Latest in Gaming

Image credit:

Lichborne: Tradeskills for Death Knights


Welcome to Lichborne, your weekly look at the world of the Death Knight, hosted by Daniel Whitcomb.

So here you are, Death Knight. Maybe you've just stepped through the Portal on your way to the Throne of King Wrynn or Thrall, or maybe you've just uncovered the truth behind Loken as you dinged 80, but either way, you're looking at the profession section of your skills tab, and you can't help but notice that it looks pretty sparse.

Of course, as a Death Knight, you're starting from zero with no shortcuts. You'll have to grind everything up from scratch, so you'll want to make sure it's worth it. Of course, you could go for the old standby: Skinning combined with Herbalism or Mining. That's not a bad idea these days, really. You get some buffs, and you can sell off the raw materials to pay for your motorcycle fund. Still, the production tradeskills have their own good bonuses. So today, we're going to look at those bonuses and see which ones just might be worth making the tradeskill grind on your Death Knight.


Alchemy's definitely a solid choice for every character class. Being able to make your own flasks for raiding, be they Stoneblood or Endless Rage, will always be a plus, especially if you have an herb source. You'll be able to stock Crazy Alchemist Potions and Runic Healing Potions for emergencies. In addition, Alchemy does have trinkets that can be useful for the 5-man and beginning raider levels of play. The Mighty Alchemist Stone is a nice companion to the Mirror of Truth if you don't need hit rating, while the Indestructible Alchemist Stone makes a fine companion for the Essence of Gossamer if you don't need defense.

The downside to all these trinkets is that they're imminently replacable. As you can see above, the Mirror of Truth and the Essence of Gossamer are already more or less equivalent to the alchemy trinkets, especially if you don't find yourself using the potion bonus much. You may find that you need to swap out your alchemist trinkets for needed defense or hit rating as implied above. Of course, you'll still have the potions and flasks. If nothing else, that's a good amount of money saved. And hey, there's always selling potions, flasks, and transmutes to other players, not to mention Mixology.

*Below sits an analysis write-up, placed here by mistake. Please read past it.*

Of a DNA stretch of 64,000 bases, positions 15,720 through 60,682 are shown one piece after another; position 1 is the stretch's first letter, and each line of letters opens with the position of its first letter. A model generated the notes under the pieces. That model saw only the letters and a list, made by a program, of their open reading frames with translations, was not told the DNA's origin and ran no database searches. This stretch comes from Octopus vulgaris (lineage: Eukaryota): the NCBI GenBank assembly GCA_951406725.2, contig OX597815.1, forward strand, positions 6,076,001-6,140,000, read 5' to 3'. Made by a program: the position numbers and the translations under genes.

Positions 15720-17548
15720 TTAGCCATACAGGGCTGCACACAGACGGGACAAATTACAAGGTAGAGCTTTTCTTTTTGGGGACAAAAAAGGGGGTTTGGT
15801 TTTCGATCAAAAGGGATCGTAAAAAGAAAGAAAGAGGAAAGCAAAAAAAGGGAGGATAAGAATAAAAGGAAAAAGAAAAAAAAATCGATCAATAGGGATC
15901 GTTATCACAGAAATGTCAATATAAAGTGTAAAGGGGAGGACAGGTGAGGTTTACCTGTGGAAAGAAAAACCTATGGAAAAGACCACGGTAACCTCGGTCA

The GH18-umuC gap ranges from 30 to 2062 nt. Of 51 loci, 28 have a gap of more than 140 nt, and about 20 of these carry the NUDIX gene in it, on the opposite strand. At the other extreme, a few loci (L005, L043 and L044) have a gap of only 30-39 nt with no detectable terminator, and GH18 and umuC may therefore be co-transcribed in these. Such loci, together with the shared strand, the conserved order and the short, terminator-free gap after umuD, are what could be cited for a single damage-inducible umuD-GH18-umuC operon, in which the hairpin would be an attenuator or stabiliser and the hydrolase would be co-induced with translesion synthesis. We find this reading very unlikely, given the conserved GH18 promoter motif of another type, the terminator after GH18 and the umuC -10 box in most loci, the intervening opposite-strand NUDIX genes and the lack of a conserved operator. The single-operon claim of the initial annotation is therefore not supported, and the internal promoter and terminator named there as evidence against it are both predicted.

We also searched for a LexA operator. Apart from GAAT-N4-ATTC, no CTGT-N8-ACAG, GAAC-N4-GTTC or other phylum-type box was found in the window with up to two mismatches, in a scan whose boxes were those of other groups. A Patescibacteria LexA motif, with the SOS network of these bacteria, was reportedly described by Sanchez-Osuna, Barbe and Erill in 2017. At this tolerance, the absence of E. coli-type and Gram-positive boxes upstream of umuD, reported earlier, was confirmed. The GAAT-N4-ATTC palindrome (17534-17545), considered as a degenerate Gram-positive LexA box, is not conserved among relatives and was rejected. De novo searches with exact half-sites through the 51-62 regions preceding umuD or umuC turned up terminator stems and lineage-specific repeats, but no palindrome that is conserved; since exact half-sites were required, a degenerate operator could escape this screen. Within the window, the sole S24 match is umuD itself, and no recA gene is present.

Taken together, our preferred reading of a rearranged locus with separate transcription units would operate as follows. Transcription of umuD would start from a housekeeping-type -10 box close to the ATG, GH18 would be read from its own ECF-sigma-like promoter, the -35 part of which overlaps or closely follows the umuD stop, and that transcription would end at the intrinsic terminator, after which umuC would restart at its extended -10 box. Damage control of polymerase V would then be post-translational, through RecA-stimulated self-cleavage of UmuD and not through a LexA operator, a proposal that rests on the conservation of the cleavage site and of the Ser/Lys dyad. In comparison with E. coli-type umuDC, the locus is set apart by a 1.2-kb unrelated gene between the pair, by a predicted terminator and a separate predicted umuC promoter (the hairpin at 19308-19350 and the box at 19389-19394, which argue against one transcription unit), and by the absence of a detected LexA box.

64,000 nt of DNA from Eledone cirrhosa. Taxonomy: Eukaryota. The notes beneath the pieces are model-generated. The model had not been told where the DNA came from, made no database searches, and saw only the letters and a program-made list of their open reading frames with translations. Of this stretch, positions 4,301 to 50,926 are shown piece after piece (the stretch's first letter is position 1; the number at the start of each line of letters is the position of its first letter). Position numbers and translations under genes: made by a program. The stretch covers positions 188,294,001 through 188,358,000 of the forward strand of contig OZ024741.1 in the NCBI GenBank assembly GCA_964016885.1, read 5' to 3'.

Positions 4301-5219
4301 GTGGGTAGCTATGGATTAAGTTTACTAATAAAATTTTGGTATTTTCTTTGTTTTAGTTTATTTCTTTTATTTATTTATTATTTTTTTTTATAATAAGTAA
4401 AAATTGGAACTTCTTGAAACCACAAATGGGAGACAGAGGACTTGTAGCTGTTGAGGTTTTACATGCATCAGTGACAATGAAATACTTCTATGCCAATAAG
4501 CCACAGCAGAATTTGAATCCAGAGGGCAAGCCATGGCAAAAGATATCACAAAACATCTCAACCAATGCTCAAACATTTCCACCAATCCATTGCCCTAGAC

Blacksmithing and Death Knights, in theory, go together like peanut butter and jelly. We wear plate armor and swing big whomping weapons, Blacksmithing makes plate armor and big whomping weapons. If you decide to bring your blacksmithing up before you start in on your Northrend leveling, the profession provides some very nice leveling sets. Cobalt, Tempered Saronite and Daunting armor will singlehandedly make sub-80 instance tanking possible, and you can even start in on the Reinforced Cobalt and Savage Saronite armor if you want to get a head start on PvP gear. In addition, you'll be able to make some of the best pre-raid level 80 armor and weaponry in the the Spiked Titansteel Treads and Helm and the Titansteel Destroyer. Finally, you'll be able to churn out Eternal Belt Buckles.

Of course, the problem with the above is that most Wrath-era blacksmithing armor and weapons are BoE. So even if you're not a Blacksmith, it should be relatively easy to find them on the auction house or find a smith to make them for you. That said, there's still a major reason to stick with Blacksmithing: extra sockets on the Bracer and Gloves. Two extra sockets means you have more stats, more flexibility in achieving a meta-gem requirement, and that extra edge of power over a similar tank or DPS without Blacksmithing. Plus, you can sell the above mentioned BoE items for a decent chunk of change.


There's just not much here worth getting. If you have your heart set on making leather armor for your guild or leather-wearing alts, I suppose you could go for it, though. As long as you're crazy enough to do that, you can at least get the slight cheaper versions of the tanking and DPS leg enchants. You can also get the Attack Power and Stamina fur linings on your bracers.

But really, the enchants aren't good enough to be the only reason to take Leatherworking. Sure, you can make money selling some of the BoE armor and the BoE leg enchants, but you can sell BoE things from other tradeskills like Blacksmithing and Inscription and make things for yourself if you want to take that route. It's probably best to skip this tradeskill and just get the only slightly worse BoE versions of those armor enhancements.


This is another one that just isn't going to have more for the aspiring tradeskiller Death Knight. If you're absolutely crazy for bag space, you might take this one just so you can make your own bags. You can also get the Swordguard Embroidery, which is admittedly the best cloak enchant you'll find for a DPS Death Knight since haste isn't really our forte.